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Proteins: Structure, Function, and Bioinformatics




Biological macromolecules evolved to perform their function in specific cellular environment (subcellular compartments or tissues); therefore, they should be adapted to the biophysical characteristics of the corresponding environment, one of them being the characteristic pH. Many macromolecular properties are pH dependent, such as activity and stability. However, only activity is biologically important, while stability may not be crucial for the corresponding reaction. Here, we show that the pH-optimum of activity (the pH of maximal activity) is correlated with the pH-optimum of stability (the pH of maximal stability) on a set of 310 proteins with available experimental data. We speculate that such a correlation is needed to allow the corresponding macromolecules to tolerate small pH fluctuations that are inevitable with cellular function. Our findings rationalize the efforts of correlating the pH of maximal stability and the characteristic pH of subcellular compartments, as only pH of activity is subject of evolutionary pressure. In addition, our analysis confirmed the previous observation that pH-optimum of activity and stability are not correlated with the isoelectric point, pI, or with the optimal temperature.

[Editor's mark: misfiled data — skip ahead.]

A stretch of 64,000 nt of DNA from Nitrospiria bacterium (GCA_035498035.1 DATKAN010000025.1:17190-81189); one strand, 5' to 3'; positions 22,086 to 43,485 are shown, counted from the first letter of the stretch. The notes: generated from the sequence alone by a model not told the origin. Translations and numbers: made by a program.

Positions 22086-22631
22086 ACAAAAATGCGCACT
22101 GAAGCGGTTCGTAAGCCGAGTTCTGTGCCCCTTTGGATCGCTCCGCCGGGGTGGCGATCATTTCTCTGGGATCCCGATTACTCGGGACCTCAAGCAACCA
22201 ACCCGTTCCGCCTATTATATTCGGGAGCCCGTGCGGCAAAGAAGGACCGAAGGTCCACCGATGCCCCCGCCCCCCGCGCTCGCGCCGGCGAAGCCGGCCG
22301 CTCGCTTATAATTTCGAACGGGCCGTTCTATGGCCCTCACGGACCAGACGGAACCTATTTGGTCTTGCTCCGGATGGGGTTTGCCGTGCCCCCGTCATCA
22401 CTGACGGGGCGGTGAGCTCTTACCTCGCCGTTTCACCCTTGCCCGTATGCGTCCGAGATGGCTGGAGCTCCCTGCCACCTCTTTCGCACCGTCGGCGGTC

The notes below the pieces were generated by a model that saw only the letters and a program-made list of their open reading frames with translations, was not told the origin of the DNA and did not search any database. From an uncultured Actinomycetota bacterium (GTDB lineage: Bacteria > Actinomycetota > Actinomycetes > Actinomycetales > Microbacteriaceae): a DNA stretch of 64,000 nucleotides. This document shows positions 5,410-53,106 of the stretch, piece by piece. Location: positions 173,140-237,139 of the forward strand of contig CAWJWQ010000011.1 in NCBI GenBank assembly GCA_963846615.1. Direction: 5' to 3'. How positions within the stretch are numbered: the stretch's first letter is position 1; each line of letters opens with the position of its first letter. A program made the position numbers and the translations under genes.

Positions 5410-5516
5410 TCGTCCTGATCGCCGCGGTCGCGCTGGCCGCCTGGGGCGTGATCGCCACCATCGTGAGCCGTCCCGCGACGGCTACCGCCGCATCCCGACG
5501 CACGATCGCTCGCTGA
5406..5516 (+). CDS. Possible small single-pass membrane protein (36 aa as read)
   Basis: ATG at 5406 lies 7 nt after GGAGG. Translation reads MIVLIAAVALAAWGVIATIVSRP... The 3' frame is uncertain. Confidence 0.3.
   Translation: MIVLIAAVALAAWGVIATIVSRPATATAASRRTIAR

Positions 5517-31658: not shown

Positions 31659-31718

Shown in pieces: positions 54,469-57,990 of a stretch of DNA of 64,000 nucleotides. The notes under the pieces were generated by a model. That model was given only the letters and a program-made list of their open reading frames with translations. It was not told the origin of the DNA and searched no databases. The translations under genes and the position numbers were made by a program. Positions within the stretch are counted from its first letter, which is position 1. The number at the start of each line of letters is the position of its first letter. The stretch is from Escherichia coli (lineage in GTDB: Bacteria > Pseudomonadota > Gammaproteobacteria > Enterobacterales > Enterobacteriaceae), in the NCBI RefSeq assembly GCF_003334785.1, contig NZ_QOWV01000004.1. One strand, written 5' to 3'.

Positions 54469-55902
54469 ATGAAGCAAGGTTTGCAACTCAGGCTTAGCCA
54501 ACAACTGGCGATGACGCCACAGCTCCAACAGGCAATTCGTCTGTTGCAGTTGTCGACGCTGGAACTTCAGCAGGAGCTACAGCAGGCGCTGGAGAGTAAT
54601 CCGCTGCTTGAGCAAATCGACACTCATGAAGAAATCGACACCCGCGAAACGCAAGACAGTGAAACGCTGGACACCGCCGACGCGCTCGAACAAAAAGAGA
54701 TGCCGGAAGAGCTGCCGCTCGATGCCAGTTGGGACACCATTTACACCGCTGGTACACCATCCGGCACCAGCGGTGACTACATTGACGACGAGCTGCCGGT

This manuscript has been published in the journal Proteins: Structure, Function, and Bioinformatics. Please find the published version here (note that a subscription is necessary to access this version):

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